The Pack were playing for their lives, and we were playing for a paycheck. We get a gift and can't score from the 1 yd line. Endless penalties and turnovers. We're told that the locker room is enthusiastic, but where is the discipline?
How do you feel about resting our starters next week? I'd like to see [Kene] Nwangwu, [Ty] Chandler, [Nick] Mullens and more of [Jalen] Nailor on offense. Keep the D in-tact.
— Nicholas Balkou
The timing of finding out there might still be a shot at the No. 1 occurred right before kickoff in Green Bay as New Orleans finished its upset at Philadelphia. Minnesota then needed to win out and have the Eagles lose next week against the Giants, who are also now in the playoffs.
The final tally of penalties was six against Minnesota and three against Green Bay, but I think it seemed like more because of the timing of them and the fact the Vikings have been one of the least penalized teams in the NFL.
I suppose if it is believed that San Francisco will handle Arizona, then it might make sense to rest the brunt of starters. If it is believed the starters need to try to play another game in the elements to prepare for going on the road (if able to advance in the Wild Card Round), then maybe do a bit of both?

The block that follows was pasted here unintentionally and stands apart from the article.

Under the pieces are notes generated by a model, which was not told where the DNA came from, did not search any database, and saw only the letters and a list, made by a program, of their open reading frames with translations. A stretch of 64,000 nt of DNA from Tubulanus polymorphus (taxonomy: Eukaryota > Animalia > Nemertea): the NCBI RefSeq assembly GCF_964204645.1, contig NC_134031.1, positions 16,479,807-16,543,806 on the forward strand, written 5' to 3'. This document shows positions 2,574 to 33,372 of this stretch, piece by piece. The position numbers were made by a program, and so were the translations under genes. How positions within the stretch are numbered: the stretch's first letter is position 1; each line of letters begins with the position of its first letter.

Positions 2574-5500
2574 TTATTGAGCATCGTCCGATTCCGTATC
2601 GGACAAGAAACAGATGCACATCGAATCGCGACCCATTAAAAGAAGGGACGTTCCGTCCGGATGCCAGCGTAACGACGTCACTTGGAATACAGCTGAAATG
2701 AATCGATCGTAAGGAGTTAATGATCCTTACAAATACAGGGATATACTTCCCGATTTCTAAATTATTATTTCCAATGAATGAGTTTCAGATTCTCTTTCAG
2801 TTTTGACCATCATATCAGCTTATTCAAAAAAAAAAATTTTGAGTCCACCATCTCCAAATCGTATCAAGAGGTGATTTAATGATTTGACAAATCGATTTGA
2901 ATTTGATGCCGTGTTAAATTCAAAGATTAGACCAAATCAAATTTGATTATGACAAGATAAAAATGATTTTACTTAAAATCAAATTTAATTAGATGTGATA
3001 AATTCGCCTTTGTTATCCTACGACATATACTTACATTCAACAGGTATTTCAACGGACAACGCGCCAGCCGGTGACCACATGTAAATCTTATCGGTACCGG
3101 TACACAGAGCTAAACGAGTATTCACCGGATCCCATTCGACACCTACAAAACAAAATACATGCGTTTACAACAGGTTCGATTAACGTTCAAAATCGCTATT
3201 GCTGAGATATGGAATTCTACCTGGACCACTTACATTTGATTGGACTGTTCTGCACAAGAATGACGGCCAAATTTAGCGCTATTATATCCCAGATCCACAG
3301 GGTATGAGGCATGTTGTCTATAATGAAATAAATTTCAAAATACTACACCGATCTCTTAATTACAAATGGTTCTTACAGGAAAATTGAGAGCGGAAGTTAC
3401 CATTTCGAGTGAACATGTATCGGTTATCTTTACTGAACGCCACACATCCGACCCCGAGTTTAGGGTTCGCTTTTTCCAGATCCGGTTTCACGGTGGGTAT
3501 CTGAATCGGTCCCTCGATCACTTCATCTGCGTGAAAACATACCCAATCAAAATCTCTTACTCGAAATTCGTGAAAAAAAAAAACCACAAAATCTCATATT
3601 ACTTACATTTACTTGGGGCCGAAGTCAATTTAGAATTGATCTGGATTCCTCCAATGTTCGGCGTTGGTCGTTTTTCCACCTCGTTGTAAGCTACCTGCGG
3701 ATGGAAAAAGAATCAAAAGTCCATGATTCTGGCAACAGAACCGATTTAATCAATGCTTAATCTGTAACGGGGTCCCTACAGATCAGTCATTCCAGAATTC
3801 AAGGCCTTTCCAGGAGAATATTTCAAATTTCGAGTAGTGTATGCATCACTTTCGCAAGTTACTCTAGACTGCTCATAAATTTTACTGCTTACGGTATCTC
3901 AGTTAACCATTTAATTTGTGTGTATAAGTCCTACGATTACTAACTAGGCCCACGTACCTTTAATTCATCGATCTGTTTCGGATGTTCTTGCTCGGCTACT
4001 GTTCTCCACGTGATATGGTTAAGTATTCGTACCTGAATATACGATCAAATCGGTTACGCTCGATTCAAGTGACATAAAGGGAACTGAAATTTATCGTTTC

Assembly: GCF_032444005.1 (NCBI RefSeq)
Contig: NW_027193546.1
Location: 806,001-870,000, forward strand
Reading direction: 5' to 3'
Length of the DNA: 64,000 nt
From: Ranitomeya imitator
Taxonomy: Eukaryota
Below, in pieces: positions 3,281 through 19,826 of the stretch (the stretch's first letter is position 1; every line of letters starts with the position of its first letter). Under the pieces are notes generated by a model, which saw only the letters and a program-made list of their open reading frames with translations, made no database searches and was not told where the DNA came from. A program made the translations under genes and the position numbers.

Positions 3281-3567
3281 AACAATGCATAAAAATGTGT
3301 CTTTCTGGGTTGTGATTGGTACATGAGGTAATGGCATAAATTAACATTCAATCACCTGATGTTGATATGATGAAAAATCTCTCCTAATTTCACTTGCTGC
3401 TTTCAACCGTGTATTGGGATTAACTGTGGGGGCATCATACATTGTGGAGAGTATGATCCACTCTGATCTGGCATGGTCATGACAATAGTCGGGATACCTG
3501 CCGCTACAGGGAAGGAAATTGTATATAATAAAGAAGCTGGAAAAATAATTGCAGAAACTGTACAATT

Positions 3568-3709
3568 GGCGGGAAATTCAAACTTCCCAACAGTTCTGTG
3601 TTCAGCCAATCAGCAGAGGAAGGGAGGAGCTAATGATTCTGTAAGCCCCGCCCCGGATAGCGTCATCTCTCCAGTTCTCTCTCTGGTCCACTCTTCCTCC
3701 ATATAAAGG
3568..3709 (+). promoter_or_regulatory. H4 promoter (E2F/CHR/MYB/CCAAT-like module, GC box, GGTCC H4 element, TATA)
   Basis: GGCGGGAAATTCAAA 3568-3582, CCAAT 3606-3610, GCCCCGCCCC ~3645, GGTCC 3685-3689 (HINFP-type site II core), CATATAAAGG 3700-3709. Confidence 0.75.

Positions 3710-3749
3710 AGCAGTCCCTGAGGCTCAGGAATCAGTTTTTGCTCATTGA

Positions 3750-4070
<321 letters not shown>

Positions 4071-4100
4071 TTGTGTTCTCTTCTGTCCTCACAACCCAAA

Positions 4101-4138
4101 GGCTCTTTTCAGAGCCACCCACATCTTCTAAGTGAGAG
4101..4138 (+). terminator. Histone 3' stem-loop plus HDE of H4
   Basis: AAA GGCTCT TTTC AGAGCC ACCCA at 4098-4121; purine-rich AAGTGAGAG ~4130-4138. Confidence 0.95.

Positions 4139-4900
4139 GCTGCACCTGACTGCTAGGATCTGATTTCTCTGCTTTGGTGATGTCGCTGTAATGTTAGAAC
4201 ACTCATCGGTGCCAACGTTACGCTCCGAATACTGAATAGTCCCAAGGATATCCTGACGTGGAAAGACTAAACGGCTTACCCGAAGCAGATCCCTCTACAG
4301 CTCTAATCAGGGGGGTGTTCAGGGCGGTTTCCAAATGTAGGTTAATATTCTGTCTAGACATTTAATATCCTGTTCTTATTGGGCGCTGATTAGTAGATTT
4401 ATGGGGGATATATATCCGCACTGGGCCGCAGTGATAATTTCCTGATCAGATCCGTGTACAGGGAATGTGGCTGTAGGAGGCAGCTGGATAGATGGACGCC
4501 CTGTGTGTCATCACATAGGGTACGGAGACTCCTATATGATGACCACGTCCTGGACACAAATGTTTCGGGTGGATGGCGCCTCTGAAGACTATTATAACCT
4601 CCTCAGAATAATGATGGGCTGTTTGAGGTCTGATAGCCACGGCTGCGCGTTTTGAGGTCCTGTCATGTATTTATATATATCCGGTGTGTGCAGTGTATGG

I am perplexed, as the Vikings offense was predicated upon the ability to move players around and put them in motion to create opportunities for them to get open. There was no evidence of this type of scheme, as J.J. was held in check, and nothing was done to mitigate the situation.
Please tell me, in your opinion, if the Vikes were just saving the real offense for the playoffs and just put a vanilla version on display today.
— John Stephens
There was one point where Justin Jefferson had a favorable matchup against an outside linebacker and the ball didn't go his way. It seemed like the Vikings struggled to create separation against the Packers, which can be a credit to some things Green Bay did, and the Vikings slipping multiple times.
That's an interesting take on if the Vikings are saving some things for the postseason when a loss becomes final. Folks were pretty antsy when Minnesota closed its preseason after losing all three games, but O'Connell showed the Vikings were ready for the regular season.
Minnesota has been rotating some reserves on offense and defense, and I think that could have impacted only having 10 men on the field for a third-and-10 and having 12 on it later during that same drive.